10) - Im not too sure what argument you are trying to make here. If you are talking about comparing Office 365 to Office offline then this would make sense. If you are talking about Windows (7,8.1,10) then this doesnt make sense as the management of Windows is exactly the same. AD manages Windows 7, 8, 8.1, 10 (and yes it manages all 4 at the same time). WSUS handles the updates (and yep it can handle managing all updates for all OS including servers). All major enterprise AV solutions usually have some form of central management (Symantec, MS, McAfee, AVG etc). Once again all of this (AD, WSUS, AV) is managed centrally and if you have your own technicians then it will be in house. The only time it isnt is if you outsource your IT (in which case its managed out of house).
If however you are talking about cloud based solutions (office 365, Azure etc) vs non cloud based solutions then your question needs to be directed to the specific application in mind. Otherwise it has no bearing on whether to update from Windows 7 to 8.1/10.

But yea as said in a previous post unless your business is currently mid 8.1 rollout, you are better diverting your time to Windows 10 testing/deployment. 10 is everything 8.1 is but with a start menu. If your current environment is stable and you dont need a particular feature in Windows 8.1/10 then you might as well stay where you are (Win 7 SP1 end of life is in 2020). If however you want to upgrade to a later OS (either because you have funds, or for a particular feature in the later OS) then the only reason you shouldnt is if you have a business critical application that does not work in the newer OS.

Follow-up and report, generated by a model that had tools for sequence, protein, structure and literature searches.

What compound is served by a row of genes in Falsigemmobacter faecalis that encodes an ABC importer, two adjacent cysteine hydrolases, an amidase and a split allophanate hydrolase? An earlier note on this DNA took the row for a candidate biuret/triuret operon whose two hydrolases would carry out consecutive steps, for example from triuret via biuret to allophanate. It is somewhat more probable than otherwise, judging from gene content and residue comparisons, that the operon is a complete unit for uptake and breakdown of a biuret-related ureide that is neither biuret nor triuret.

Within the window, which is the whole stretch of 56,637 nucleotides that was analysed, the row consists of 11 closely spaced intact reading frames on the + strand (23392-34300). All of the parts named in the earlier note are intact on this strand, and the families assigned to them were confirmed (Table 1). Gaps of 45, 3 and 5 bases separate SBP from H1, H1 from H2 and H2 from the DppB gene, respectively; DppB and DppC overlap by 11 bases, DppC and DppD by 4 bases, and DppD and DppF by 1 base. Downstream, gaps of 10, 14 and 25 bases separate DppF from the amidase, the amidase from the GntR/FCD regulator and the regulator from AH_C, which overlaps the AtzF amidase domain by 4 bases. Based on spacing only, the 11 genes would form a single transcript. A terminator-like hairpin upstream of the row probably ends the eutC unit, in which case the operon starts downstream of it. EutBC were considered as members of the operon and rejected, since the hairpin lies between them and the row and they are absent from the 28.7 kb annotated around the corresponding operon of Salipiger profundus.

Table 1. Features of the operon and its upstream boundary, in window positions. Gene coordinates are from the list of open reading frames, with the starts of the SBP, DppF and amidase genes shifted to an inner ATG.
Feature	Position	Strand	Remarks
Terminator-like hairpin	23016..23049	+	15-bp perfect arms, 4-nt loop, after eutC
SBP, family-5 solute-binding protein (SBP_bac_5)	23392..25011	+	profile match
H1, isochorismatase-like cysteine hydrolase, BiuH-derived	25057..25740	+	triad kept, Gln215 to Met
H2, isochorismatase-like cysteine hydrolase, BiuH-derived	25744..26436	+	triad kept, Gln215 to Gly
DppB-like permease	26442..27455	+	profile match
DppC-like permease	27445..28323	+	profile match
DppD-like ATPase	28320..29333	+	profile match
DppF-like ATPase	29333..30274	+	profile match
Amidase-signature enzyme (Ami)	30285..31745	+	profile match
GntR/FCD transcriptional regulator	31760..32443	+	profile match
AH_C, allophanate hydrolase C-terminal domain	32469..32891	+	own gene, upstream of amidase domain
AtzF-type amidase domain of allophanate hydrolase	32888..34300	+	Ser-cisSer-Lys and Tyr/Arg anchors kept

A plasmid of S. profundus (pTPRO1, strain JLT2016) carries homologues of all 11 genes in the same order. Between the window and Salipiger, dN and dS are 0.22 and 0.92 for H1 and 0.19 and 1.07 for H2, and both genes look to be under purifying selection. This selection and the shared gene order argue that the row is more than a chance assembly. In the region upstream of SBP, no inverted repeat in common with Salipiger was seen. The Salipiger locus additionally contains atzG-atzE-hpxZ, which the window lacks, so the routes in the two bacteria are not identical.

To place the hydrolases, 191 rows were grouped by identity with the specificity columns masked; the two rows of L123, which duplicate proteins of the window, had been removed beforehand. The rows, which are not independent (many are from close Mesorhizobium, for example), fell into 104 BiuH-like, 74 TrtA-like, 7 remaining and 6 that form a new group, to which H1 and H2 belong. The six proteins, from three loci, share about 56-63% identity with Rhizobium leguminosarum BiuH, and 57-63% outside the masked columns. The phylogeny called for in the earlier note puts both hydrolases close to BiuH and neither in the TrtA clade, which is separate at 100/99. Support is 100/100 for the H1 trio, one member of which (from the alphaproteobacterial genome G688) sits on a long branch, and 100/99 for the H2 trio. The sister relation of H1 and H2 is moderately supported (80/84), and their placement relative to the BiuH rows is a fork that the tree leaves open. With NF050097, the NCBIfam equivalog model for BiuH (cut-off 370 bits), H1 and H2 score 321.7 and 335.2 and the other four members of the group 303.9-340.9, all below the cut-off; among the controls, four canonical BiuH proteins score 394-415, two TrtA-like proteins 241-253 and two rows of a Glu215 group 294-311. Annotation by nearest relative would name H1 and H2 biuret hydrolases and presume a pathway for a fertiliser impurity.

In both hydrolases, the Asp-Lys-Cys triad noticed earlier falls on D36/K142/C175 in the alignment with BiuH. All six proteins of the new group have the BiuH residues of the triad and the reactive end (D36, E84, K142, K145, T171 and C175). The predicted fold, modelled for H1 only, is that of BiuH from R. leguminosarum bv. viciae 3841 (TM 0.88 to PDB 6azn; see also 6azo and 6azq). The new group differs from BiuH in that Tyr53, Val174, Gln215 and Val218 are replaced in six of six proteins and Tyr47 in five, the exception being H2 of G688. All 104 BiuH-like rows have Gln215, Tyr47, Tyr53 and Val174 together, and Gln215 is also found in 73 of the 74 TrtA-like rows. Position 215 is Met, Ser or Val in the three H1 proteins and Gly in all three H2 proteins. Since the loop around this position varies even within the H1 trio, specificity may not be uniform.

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  # 1404233 12-Oct-2015 11:46
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wasabi2k: At the end of the day I stand by my original statement - if there is nothing in Windows 10 your clients want or need, then don't upgrade.

However, new hardware will come with 10, so you will have to spend the time downgrading. If you are deploying an SOE anyway, it doesn't matter as long as drivers are available. You will also find a lot of cool new devices (like the Surface Book) will require it to do all their cool stuff. But if you are just handling desktops and business laptops then who cares.

I think what I am having trouble with is your list of downsides aren't really accurate - and all of them can be addressed through customizing your SOE, group policy and other administrative controls. 0